In 1963 Hooker House was opened in Sydney. Hooker Project offices were opened in Melbourne in 1966, Brisbane in 1967, Perth in 1968 and Townsville and Canberra in 1969.[7] Hooker Projects developed motels, shopping centres, nursing homes and factories. In 1969 Hooker Home Units was established which specialised in building home units and town houses. By 1970 LJ Hooker residential and commercial divisions were not only the largest sales and management agents in the country but also the largest home developers.[21]

Sir Leslie Joseph Hooker died in 1976 and ten years later the company and the family separated, which continued until 2009 when Janusz Hooker, Sir Leslie’s grandson, formed a consortium and bought the company back.[22]

International expansion[edit]

In the mid-1980s, while led briefly by CEO George Herscu, LJ Hooker crossed into development and acquisition of retailers and large scale shopping complexes in the United States. This move proved ill-conceived, with such ventures as the purchase and operation of several storied but troubled American department store chains as B. Altman & Co., Bonwit Teller, Sakowitz and Parisian stores, to be utilized as anchors for a number of large, but poorly located shopping malls in the United States. Having no track record in understanding the complex operations required to run retail department stores, and with the questionable locations of many of the proposed malls, coupled with forcing the newly acquired anchor stores into locations with no previous market presence, this venture proved deeply flawed and plunged LJ Hooker, the department stores and its various development holdings into bankruptcy.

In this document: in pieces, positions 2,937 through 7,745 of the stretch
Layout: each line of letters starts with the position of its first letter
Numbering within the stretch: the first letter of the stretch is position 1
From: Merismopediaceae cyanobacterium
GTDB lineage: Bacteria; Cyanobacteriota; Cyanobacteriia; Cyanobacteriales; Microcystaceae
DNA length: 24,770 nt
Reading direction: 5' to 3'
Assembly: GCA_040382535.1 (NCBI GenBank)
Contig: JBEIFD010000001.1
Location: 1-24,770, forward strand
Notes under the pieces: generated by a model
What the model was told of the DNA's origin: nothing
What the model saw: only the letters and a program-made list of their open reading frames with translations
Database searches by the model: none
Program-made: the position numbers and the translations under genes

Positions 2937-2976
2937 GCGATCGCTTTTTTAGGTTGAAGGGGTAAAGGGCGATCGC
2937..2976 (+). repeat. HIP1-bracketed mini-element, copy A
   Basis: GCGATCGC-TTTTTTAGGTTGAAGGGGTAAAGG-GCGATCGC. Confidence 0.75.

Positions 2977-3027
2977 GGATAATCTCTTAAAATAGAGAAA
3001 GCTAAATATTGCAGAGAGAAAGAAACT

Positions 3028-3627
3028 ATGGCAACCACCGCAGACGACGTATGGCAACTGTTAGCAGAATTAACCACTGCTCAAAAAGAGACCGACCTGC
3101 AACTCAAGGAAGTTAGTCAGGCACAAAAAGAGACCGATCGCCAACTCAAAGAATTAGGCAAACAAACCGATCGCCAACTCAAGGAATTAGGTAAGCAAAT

Most of the department store chains were liquidated with large economic and employment losses. The one mall complex that was constructed during Herscu's tenure, the Forest Fair Mall in suburban Cincinnati, Ohio, went through numerous changes in ownership and operations. Today the ill-fated mall is still struggling, having gone through three name changes. This period, although brief in its history, was deeply tumultuous and troubling and led to LJ Hooker Limited being purchased by the Queensland based Suncorp-Metway Limited, in January 1990.

The LJ Hooker company was liquidated in the late 1980s, but the name continued through the franchise arrangement that continues.[4]

In 1997 it opened offices in Hong Kong[23] and Papua New Guinea.[24]

Acquisitions[edit]

In 1996 LJ Hooker purchased the Challenge Realty Group in New Zealand and in 1998 they rebranded it literally overnight as LJ Hooker. In 2003 LJ Hooker purchased the real estate franchise group Olsen & Everson. In 2002 LJ Hooker opened its first offices in Indonesia,[24] and in 2004 LJ Hooker opened offices in Mumbai,[24] India,[24] and Shanghai.[24]

In October 2004, Grahame Cooke stepped down as CEO and was replaced by Warren McCarthy. McCarthy was selected from within the existing LJ Hooker network and in The Australian Financial Review, he stated that "It was important that the chief executive be an LJ Hooker person. There is an inherent culture. It is very much a family and there is passing on of generations of knowledge in auctions, good property management and good referral systems."[25]

In October 2009 Suncorp confirmed it sold its LJ Hooker real estate chain business to Janusz Hooker,[26] the grandson of founder Sir Leslie Hooker, for $67 million.[27]

In 2009, the company returned to the family by a consortium of private investors led by Sir Leslie’ grandson, LJ Hooker Chairman, Janusz Hooker, and, in July 2015 he bought out the investors to take full control of the group.[28]

In November 2010, LJ Hooker acquired Harveys Real Estate Group in New Zealand.[24]

Organization[edit]

LJ Hooker is a franchise operation.[29] The real estate side of the business is done by franchise owners. Grant Harrod was appointed Chief Executive Officer and Managing Director in 2014.[29] The company chairman is Janusz Hooker.[30]


Hooker Corporation Limited[31] is the holding company, and LJ Hooker Limited is the trading entity. Hooker Corporation Limited's ACN is 003 890 444 and the ACN of L.J. Hooker Limited is 003 890 4553.

Subsidiaries[edit]